“The womb of the woman is the gateway to hell.”
- Monk (Václav Lohniský)
Hra ze dvou polovin! In order to purge her estate of a sudden bout of witchcraft, a countess orders the service of a famed witch inquisitor named Boblig. He sets about exposing, torturing then crucifying suspected witches. A lone Dean questions the morality of Boblig's methods to drastic results.
Otakar Vávra's 1970 Czechoslovakian historical drama bordering on horror 'Kladivo na čarodějnice' aka 'Witchhammer' or 'Witches' Hammer', is artistically filmed in glorious B&W and supposedly based on accounts of Czech witch trials around the 1600's. For the first 30 minutes Vavra succeeds in building the dark drama and weaving folklore & religious symbolism into his film. At this point its easily on a par & possibly even better than Michael Reeves 'Witchfinder General' (which was the earlier film by a few years, I've not caught the obscure '57 version of 'The Crucible' so not sure how that holds up).
Sadly after Boblig's first truly shocking hillside witch BBQ, the movie steadily runs out of its unique artsy approach drops its meticulous detail, then descends into boring melodrama. Then the final 30mins drifts into what can only be described as a very Lucio Fulci 'Beatrice Cenci' styled torturous climax. Vladimír Smeral who plays Boblig is no match for Vincent Price as Mathew Hopkins. I'm not sure if it was down to his lack of charisma or just plain bad characterization but hes just such a dull central protagonist. His understudy played by Josef Kemr would have been far better for the role (he oozed vile). Having only heard of it tonight I can't say it let me down all that much. I'll agree if it had continued its vibe from the opening 3rd and built on those early metaphors it would have deserved the insanely generous 5's on lboxd or 8.1 on imdb. Its still a very good movie as it is and one I'm glad to have finally caught up with, though I doubt its one I'll remember for long.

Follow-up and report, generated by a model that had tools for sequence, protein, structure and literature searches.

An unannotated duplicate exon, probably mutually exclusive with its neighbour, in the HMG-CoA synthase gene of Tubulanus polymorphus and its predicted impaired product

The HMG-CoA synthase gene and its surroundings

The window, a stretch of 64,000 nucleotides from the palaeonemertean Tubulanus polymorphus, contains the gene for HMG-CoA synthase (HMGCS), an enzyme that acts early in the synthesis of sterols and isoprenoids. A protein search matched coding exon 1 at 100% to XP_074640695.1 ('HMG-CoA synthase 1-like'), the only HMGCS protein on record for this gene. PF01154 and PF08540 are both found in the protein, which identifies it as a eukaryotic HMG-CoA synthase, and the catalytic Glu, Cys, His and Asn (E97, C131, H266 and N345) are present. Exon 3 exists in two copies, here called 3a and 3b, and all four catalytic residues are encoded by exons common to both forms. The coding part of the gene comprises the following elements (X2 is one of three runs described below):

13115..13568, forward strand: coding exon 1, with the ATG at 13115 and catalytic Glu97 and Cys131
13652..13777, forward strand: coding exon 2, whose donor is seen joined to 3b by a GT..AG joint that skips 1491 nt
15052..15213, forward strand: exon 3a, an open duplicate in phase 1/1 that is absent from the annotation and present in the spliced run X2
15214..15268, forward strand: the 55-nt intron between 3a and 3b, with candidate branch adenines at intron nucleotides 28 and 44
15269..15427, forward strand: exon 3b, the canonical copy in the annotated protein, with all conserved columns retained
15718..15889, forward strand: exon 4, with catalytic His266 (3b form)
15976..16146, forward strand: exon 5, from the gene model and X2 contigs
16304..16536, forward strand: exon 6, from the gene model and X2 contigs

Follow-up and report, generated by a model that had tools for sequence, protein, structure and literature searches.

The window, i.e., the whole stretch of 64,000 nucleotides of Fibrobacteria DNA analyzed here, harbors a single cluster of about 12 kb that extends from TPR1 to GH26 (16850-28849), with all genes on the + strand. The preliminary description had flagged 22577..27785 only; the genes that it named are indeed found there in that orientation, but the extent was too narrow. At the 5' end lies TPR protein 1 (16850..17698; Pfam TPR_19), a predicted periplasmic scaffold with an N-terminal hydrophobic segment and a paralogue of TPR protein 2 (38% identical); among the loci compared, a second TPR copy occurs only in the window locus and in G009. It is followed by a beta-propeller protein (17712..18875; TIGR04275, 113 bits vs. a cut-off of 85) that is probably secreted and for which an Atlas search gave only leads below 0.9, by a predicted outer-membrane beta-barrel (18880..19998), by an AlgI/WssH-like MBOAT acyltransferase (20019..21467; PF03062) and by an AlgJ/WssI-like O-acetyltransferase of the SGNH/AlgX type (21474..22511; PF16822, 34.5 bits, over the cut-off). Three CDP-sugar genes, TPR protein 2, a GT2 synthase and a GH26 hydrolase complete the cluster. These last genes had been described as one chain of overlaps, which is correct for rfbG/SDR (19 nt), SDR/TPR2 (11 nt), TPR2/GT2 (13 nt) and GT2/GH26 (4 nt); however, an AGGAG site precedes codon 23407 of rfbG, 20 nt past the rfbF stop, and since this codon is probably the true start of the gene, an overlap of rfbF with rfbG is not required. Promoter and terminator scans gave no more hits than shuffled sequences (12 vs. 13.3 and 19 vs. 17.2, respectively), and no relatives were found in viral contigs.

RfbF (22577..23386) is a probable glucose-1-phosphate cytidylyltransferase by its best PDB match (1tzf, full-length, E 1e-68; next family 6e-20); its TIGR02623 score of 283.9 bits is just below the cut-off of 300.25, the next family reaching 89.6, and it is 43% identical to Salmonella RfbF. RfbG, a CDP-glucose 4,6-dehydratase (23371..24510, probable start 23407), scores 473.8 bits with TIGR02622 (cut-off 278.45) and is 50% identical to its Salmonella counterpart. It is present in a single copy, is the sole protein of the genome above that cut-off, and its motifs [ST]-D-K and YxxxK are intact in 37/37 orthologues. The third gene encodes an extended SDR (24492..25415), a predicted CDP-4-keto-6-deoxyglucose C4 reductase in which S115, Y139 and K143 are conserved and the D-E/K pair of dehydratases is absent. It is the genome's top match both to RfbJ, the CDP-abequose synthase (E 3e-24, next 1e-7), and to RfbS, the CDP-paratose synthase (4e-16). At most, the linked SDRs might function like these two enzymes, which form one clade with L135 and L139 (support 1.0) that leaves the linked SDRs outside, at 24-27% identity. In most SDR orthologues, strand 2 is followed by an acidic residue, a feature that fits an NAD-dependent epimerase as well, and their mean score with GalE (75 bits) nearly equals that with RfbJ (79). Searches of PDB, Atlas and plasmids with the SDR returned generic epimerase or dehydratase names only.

[Personal Reasons For Remembering]
Toothless hag torture. A spiked chair that wouldn't look out of place in a cenebite Ikea. Sona Valentová as Susanne had brilliant screen presence, sadly she wasn't in it enough (I'll have to see what else her & Kemr have been in). Ohh and the dreary Monk who rambled satanic guff as if he was a nightshift DJ.
Originally taken from Letterboxd